John peeked his head into the office.

“I’m heading over to Home Depot to get some things to finish up the kitchen area in the barn. Do you need anything, Love?” he said. He called me Love a lot, and honestly, I adored it.

“I think I’m good for now,” I said.

“I’m off then,” he said. “And don’t forget about dinner.”

“I won’t,” I yelled back.

I opened up the website and checked to make sure there were no inquiries or questions that needed attention. I continued to blog once a week from Inn Significant, and enjoyed telling the stories of the Inn through our site. Occasionally, I’d receive comments, and I loved responding to people as they asked questions or just said they enjoyed reading the blog. I also enjoyed reading reviews people posted after they had stayed at the Inn. For the most part, they were very, very good, and we all took them seriously.

Next, I checked my emails. Carolanne, the bride who would be our first to host her wedding at the Inn sent me a quick email.

Thank you so much for always answering my questions and getting back to me so promptly, Milly. And thanks for arranging those last minute bouquets for our moms. I am so excited to host our guests at your lovely location. I can only imagine how gorgeous the barn will look. See you next week.

The next email was from someone named Marco DiBlanco. My heart skipped a beat. I opened the email.

Dear Milly,

Good morning!

We have never met, but I found your website when I was doing a search for my uncle, Ferio DiBlanco. My father passed away at the age of ninety a few years ago, and Ferio was his older and only brother. My father suffered from dementia for the last fifteen years of his life, and it was difficult to get coherent stories out of him during that time. Despite their age difference and Ferio being in America while my father stayed in Italy as a young boy during America’s depression, Ferio and my father kept in good touch and appeared to be very fond of one another. I found some letters after my father’s death that were sent from Ferio to my father, all written in Italian. When I searched online for Ferio several years ago, there was nothing that led me to anything about his life. I had almost given up doing any research at all. That was until I did another search a few days ago and miraculously found your website and your stories. I was intrigued to read about your grandmother and Ferio on your blog, as my father had mentioned Ferio’s American wife when I was younger and he told me stories about their house and Ferio’s job in Maryland. Unfortunately, my father never actually met your grandmother; he only knew of her through the letters Ferio would send home to his family. So all of this to say, I guess the Internet is truly good for some things, no? It has led me to you and to some family history.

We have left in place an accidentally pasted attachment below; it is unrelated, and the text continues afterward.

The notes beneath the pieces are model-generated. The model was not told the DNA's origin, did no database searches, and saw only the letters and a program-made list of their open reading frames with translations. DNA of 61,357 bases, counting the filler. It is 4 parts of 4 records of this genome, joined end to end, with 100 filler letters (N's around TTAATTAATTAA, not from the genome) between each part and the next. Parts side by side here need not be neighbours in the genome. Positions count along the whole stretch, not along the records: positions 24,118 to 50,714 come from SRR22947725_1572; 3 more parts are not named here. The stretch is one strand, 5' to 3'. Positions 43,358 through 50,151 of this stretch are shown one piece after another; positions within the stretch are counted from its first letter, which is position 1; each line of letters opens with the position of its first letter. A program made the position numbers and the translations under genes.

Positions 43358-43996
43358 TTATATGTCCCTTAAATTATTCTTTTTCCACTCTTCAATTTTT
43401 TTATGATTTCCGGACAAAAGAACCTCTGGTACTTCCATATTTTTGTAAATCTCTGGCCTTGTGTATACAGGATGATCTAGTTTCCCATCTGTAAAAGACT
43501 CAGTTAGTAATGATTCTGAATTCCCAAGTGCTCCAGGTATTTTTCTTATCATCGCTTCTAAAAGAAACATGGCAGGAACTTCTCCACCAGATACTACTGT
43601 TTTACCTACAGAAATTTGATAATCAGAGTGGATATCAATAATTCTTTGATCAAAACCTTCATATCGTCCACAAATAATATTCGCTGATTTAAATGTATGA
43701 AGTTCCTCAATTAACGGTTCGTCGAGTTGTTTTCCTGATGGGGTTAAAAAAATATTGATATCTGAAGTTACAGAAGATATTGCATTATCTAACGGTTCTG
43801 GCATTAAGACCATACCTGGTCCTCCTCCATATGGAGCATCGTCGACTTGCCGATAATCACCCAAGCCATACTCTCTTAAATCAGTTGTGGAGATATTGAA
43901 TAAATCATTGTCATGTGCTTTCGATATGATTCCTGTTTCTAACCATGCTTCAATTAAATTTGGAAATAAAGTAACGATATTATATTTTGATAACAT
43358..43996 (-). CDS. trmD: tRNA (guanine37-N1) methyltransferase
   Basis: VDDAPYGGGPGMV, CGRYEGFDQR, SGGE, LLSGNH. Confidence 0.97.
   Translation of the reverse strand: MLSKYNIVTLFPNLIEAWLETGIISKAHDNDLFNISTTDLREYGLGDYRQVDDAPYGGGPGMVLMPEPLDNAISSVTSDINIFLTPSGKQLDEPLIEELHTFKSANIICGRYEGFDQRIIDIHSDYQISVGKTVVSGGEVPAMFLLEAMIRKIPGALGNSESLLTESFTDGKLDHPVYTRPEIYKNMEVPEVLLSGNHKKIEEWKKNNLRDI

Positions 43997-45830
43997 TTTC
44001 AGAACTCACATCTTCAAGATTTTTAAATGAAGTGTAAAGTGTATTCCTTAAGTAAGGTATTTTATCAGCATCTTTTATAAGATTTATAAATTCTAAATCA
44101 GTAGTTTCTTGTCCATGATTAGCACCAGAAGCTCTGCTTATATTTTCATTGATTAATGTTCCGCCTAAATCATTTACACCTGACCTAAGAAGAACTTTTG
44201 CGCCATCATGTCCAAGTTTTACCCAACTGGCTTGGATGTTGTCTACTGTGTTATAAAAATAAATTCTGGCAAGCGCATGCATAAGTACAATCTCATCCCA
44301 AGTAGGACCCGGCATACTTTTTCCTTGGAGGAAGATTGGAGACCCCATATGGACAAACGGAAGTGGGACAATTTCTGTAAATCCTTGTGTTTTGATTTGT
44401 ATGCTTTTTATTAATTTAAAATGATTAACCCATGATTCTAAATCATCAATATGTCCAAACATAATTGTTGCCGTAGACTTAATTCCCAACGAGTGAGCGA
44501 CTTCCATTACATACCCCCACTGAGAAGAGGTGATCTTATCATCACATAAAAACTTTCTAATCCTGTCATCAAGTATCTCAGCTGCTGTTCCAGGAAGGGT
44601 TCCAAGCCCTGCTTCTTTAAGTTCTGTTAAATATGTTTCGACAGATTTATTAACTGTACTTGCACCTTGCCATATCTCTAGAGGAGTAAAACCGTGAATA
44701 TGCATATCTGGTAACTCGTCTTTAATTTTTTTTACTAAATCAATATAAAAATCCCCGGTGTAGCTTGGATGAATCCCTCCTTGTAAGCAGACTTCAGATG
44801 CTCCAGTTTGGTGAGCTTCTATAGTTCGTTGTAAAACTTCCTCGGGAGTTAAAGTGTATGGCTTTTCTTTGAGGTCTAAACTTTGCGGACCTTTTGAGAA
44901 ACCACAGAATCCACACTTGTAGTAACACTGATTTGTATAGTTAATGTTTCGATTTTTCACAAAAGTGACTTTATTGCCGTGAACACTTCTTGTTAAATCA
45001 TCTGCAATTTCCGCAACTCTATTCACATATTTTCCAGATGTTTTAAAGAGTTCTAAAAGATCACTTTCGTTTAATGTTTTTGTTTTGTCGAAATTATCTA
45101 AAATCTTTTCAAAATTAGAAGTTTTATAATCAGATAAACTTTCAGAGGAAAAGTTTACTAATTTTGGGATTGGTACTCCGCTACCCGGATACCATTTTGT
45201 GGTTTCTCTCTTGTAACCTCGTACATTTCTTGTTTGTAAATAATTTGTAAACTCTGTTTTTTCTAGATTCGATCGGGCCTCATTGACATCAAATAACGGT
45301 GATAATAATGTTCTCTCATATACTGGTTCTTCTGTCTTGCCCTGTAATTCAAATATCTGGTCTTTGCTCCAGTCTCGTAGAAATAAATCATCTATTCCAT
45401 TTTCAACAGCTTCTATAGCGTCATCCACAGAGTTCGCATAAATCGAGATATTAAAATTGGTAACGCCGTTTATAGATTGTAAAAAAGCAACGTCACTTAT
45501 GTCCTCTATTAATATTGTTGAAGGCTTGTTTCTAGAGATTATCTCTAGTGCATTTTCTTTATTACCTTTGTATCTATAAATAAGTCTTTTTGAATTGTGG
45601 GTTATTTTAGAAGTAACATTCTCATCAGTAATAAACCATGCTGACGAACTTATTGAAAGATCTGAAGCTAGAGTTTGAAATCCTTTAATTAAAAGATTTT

I am sure you are surprised to read this email from me, especially in that we are not related by blood. However, we are related by wonderful circumstances. I live in Italy in Orvieto, and I own an art gallerie (or as you may write, gallery). I went to the Rhode Island School of Design and studied art, which is why my English is not so bad (and we were taught it here a little in Italy, too). Ferio was from Orvieto, as well. I am writing to you, Milly, as it is my intention to come and see the place where my Uncle Ferio lived after he left Italy and paint it. I have also read that the Eastern Shore has a vibrant community of artists, and I would like to spend some time in town. I would very much love to meet you and get to know you, as your grandmother was such a meaningful part of my uncle’s life, and I imagine he loved her very much. I feel we are connected through that relationship. As well, three years ago (and two years after the passing of my father), I lost my wife of thirty years to cancer. Sad as it is to say, from what I have read on your Inn’s blog, it seems we also share a loss of beloved spouses.

Would it be possible for me to reserve two weeks at the Inn, so that I might come and stay and meet you and take in the scenery that looks so welcoming on your website? I am not looking for anything free from you as I have the means to pay for my trip and my lodgings. Please let me know if this is possible. I am longing to come back to America for a visit and to reconnect with my family’s history.

Fondest regards,

Marco DiBlanco

Owner, Gallerie Storie Di Vita

Via Santo Stefano, 7, Orvieto, Italy

My mother popped open the door holding an enormous disco ball in her hand.